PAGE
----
Windblast can be an issue on naked street bikes, especially those packing a punch, but the Speed Triple’s substantial clocks and oft-fitted optional fly screen keep the worst of the wind at bay. Indeed, the Speed Triple is a superior road bike to the Daytona on account of its relaxed, upright riding position, so you get all the stomp of the 955i without the discomfort – a serious win-win.

Handling is predictable and planted rather than razor sharp, which translates into excellent road manners. Steering response, corner turn-in and high speed stability can be improved by replacing the standard 190 section rear boot with a 180. While the engine received updates during the 955cc Speed Triple’s run, the chassis remained pretty much unchanged – the final year SE model’s all-black frame being the only notable modification.



Triumph Speed Triple (1999-2004) What to look for

Starter clutch: The bane of Hinckley triples. Often made worse by owners trying to turn the engine over on a less than fit battery. The lack of starting amps causes the sprag clutch to kick back and break. Repair is an engine out job, so isn’t cheap if done by a dealer. Ask any seller, a) if they use a trickle charger to keep the battery tip-top, and b) if the sprag clutch has been replaced. Anything showing 40K-plus that hasn’t had a new sprag may well need one in the near future.

Oil level: Triumph’s inline triple does use oil. Nothing to worry about as long as you keep a keen eye on the level and top up accordingly, and you wait for the motor to warm through before cracking on. Heavy oil consumption can see several litres disappear in under 2000 miles – not good, because this could lead to big end and top end failure if not topped up.

Head gaskets: Inspect the engine closely. Weeping head gaskets are an all too common issue. On an engine that already has a thirst for oil, ignoring a weeping gasket could lead to an unwanted and expensive outcome.

Camchains: Can be noisy, especially at idle as the chain lashes again its tunnel. Failure of the tensioner is usually to blame. Some owners report having to change both chain and tensioner within 40,000 miles, so if it’s an issue don’t leave it to get worse.

Gearbox: Not as slick as the Japanese opposition. Can be clunky, especially into first and in changes between lower ratios. False neutrals can also occur if you’re less than positive with the lever.

Fuel tank cap: The seal around the filler cap can harden. Water can then seep into the cavity underneath the cap and ultimately leak into the tank. Modern ethanol rich fuel isn’t kind to fuel pumps or injection systems either, especially if a bike’s left standing with juice still in the tank.

Electrics: A source of issues, from the charging system and reg/rec to the clocks and switches. Reg/rec failure is common – if this drains the battery too much that can in turn cause sprag clutch failure. Keep the battery topped up by a trickle charger.



Triumph Speed Triple (1999-2004) Rivals


Aprilia Tuono, 2003 | Approx Price: £2000-£3500
Power/Torque: 126bhp/75lb-ft | Weight: 181kg

Fast, powerful and immense fun, the Tuono 1000 is essentially an RSV Mille minus fairing and with high bars – perfect for wheelies. Perhaps the closest competitor to the Speed Triple and a great value machine to boot. Higher spec Racing model also available, but expect to pay a couple of grand more.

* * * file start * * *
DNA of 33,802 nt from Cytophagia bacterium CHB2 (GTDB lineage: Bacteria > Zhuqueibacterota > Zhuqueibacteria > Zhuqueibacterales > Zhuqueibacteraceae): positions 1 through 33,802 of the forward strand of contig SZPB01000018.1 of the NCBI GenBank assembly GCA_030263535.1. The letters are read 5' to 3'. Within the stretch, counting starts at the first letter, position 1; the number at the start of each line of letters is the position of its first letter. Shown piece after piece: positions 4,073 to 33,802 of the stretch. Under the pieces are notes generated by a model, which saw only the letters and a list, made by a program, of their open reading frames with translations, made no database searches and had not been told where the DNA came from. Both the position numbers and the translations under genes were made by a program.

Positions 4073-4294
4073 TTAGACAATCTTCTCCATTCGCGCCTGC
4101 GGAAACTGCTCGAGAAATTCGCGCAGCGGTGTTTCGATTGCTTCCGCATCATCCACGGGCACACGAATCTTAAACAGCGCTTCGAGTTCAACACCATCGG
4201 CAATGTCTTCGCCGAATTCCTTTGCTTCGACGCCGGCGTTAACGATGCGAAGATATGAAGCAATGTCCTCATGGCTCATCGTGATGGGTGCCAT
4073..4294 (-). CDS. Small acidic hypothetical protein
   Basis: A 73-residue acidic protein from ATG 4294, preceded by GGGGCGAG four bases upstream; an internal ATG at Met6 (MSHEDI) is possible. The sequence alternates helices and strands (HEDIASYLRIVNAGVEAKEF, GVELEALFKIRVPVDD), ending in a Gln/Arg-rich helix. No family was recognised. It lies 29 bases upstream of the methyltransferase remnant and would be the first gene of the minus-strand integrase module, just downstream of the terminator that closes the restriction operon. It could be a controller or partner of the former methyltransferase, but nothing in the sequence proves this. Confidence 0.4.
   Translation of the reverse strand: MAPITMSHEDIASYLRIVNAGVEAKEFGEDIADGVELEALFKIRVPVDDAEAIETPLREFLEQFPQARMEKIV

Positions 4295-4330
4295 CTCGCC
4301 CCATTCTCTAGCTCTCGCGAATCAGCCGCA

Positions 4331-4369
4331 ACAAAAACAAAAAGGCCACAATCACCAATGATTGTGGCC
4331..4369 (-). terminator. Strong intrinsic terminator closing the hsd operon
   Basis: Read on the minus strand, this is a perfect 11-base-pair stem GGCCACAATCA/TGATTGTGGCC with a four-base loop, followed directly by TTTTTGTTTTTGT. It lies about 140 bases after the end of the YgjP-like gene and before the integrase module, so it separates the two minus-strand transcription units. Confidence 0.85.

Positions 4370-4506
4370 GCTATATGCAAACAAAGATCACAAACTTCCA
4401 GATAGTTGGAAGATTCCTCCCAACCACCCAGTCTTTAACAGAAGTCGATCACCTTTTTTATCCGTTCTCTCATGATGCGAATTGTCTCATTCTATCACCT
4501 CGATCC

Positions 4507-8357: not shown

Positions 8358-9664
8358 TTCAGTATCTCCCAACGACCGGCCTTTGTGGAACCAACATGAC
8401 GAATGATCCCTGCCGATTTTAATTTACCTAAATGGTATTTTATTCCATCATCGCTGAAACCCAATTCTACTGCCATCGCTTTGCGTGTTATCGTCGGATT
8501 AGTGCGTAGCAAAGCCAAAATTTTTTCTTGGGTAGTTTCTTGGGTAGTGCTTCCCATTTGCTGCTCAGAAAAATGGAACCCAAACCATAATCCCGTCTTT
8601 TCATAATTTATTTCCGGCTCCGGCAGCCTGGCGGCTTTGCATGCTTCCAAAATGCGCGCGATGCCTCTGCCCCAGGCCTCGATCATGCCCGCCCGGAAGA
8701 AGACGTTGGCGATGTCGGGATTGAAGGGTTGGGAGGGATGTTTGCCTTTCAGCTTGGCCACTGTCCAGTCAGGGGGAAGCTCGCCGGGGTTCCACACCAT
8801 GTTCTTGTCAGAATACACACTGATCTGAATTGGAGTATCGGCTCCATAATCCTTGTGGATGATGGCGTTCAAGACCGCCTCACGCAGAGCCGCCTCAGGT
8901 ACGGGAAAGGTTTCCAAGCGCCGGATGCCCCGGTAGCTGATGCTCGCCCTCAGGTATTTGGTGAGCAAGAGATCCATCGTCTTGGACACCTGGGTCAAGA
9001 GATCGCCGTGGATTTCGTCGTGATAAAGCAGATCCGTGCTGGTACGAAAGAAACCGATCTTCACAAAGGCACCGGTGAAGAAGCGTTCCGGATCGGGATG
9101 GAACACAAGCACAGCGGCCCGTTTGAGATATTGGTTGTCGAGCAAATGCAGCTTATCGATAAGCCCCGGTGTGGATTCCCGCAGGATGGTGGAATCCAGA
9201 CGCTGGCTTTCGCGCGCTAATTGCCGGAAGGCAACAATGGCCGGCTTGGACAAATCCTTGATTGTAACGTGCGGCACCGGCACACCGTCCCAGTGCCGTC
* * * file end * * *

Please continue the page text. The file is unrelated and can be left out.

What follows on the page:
Ducati Monster S4, 2000 | Approx Price: £3500-£5000
Power/Torque: 101bhp/68lb-ft | Weight: 193kg

Ducati’s popular Monster with a liquid-cooled  916 derived engine and handy fly screen. Meaty performance, great handling and decent all-round road manners. S4 R model with single-sided swingarm and stacked pipes also available, but several thousand pounds more expensive.


Honda X11, 1996 | Approx Price: £2300-£3500
Power/Torque: 134bhp/84lb-ft | Weight: 222kg

Basically a CBR1100XX Super Blackbird minus fairing. Huge performance, but held back by a lack of wind protection. Lacks the style and drama of a Speed Triple, Monster or Tuono, but reliability is stoic and acceleration is tendon stretching. Rare due to being  a poor seller when new. A lot of performance for the money, though…



Triumph Speed Triple (1999-2004) Verdict

The Speed Triple has long been a strong seller for Triumph, and with good reason. You get a great engine, knockout style, bags of character, and a superb road bike all in one package. Better still, used 955 Speed Triples are exceptional value for money; 1980s sports mopeds are starting to command higher values than these big bruisers, and that’s not to be sniffed at. Go for a 2001 or later model and you’ll benefit from the updated engine, too. Still a belter, even two decades on.


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Triumph Speed Triple (1999-2004) – Technical Specification

Original price


Current price range




Bore x Stroke

79mm x 64mm

Engine layout

liquid-cooled, DOHC, 12v, inline-triple


110bhp (80.2kW) @ 9200rpm


71.5lb-ft (97Nm) @ 5800rpm

Top speed



6-speed, wet, multi-plate clutch, chain final drive

Average fuel consumption

40 mpg

Tank size

21 litres

Max range to empty (theoretical)

185 miles

Reserve capacity


Rider aids



Aluminium trellis

Front suspension

45mm telescopic forks

Front suspension adjustment

Adjustable preload and compression and rebound damping

Rear suspension


Rear suspension adjustment

Adjustable preload, compression and rebound damping

Front brake

2 x 320mm discs, 4-pot calipers

Rear brake

220mm disc, 2-pot caliper

Front tyre

120/70 ZR17

Rear tyre

190/50 ZR17



Dimensions (LxWxH)

2115mm x 790mm x 1290mm



Ground clearance


Seat height


Dry weight